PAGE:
The Dutch hotel sector: a long, phased and rocky recovery
The hotel real estate sector has suffered heavily during the pandemic. Unfortunately, that suffering will continue for a while. Although some real estate sectors and user markets are seeing an end in sight with regard to the crisis, there is still a phased recovery underway for hotels. The first step is welcoming travellers again, the next is building up reserves again. In the meantime, they will need to survive with a combination of government support and the flexibility of property owners. However, the question remains – when will hotels be able to look forward again, and what does their road to recovery look like?
Worries right below the surface
Upon first glance, there doesn't seem to be much going on. It’s true that hotels are having a hard time, but that also applies to more sectors. There have been relatively few bankruptcies so far due to corona. Yet upon closer inspection, you find that hotels are being kept alive through a combination of drip-feeding by government support and owner flexibility. The damage to the sector will only become apparent when those two respective ‘IV lines’ are disconnected.
In addition, there was a glimmer of hope for many entrepreneurs in those sectors where (government-sanctioned) measures were minimally relaxed. Cafés, restaurants and shops saw visitor numbers go up quickly in the summer of 2020 as soon as they had permission to re-open. But most hotels depend on travellers, who mostly visit from other countries. In addition, it doesn't look like tourists and convention attendees will be heading our way anytime soon.
There is no collective recovery
There have been some predictions made that the hotel market will pick up in 2022 and fully recover by 2023. Our advice: please don't invest your hopes in this type of generic recovery prediction. First of all, you have to ask yourself when exactly you reached the state of ‘recovered’ – is it when you’re back in the black? Or when profits fall back in line with 2019 levels – which was an exceptional year for Dutch hotels? Additionally, it is impossible to speak of a single market. You cannot compare a family-run hotel in the Veluwe to 400 rooms inside a business hotel near Schiphol.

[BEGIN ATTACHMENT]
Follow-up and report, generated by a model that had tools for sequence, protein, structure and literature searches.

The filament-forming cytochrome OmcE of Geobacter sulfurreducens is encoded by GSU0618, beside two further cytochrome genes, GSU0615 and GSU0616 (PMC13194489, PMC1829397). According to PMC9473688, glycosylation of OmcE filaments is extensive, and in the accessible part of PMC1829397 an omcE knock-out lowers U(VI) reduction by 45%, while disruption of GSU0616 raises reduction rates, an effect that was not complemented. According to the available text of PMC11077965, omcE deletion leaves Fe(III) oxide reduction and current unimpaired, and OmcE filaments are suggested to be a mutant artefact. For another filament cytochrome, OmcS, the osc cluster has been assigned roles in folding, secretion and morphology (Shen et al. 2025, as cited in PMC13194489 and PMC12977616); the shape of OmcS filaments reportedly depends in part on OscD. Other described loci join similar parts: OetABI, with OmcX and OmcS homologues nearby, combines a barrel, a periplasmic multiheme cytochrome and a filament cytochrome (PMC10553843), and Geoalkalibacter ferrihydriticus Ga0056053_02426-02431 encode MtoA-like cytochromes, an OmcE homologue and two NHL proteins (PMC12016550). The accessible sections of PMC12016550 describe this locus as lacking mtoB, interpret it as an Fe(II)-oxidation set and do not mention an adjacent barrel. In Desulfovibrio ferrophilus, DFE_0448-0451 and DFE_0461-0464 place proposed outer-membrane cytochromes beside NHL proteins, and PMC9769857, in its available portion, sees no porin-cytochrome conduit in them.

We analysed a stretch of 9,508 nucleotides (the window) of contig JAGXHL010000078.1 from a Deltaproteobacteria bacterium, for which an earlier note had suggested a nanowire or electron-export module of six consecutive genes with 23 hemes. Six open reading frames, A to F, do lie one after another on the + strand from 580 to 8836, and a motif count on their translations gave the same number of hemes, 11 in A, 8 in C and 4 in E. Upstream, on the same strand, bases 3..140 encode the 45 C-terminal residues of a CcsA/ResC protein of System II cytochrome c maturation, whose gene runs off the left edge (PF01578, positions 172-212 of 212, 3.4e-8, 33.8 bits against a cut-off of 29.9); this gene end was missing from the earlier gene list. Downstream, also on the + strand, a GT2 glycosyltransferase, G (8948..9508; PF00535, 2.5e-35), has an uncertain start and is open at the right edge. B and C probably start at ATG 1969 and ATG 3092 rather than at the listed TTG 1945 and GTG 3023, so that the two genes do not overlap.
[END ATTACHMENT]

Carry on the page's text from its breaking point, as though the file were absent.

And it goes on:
1. Occupancy levels 2. Room rates 3. Recovery
Recovery does not begin when the first guest checks-in. It’s a rocky road ahead and recovery will take place in phases. It begins with the return of demand, and thus higher occupancy levels. All hotels will soon be targeting the same guests, particularly around the business centres within the Randstad area. Even though there have been warnings in the market against pulling stunts, there has historically been a wait for price wars to start, which only ends when enough travellers book rooms. It’s only at that time when you will be able to talk about recovery.
When’s it your hotel’s turn?
Many hotel owners have been flexible with rent payments for over a year. They can't suddenly stop being flexible as soon as the first bookings start trickling in due to the long and erratic recovery process. Therefore, owners will have to adjust their expectations, take a realistic look at their calendars and ask themselves when their hotel will begin to see better days. For instance, when first passenger flows get underway within the Netherlands; and when and if business travellers can be expected again. You can make informed decisions when you know when it's your turn. For example, you can collect rent flexibly or to look for temporary alternatives, such as transformation, or focusing on leisure guests.
Needs driven by corona measures
As an aside, there is no shortage of demand of course. On the contrary: people cannot wait to finally travel again but are held back by restrictions. Many Dutch workers have received their holiday pay and haven’t spent it, which has created a reservoir of disposable income. That economic potential will result in recovery of room capacity levels, once the Dutch PM Mark Rutte gives the green light to the country, and there have been a sufficient number of vaccinations on a European level. Firstly, for leisure hotels, since they rely on travellers from the Netherlands and neighbouring countries; and secondly, for hotels that depend on business guests – if they come back at all, given what ‘Zoom’ and the like have enabled us to do.
CBRE Recovery Index
CBRE has developed a tool that we can use to determine when your hotel’s recovery is likely to begin and the regeneration phase you are now in. We call it the CBRE Recovery Index. It measures your real estate, looking at elements such as location, target group, market, room size and building age.
Please contact firstname.lastname@example.org if you like to discuss the restoration challenges facing Dutch hotels, when your hotel real estate is likely to return to an upward trajectory, or if you would like more details about the CBRE Recovery Index.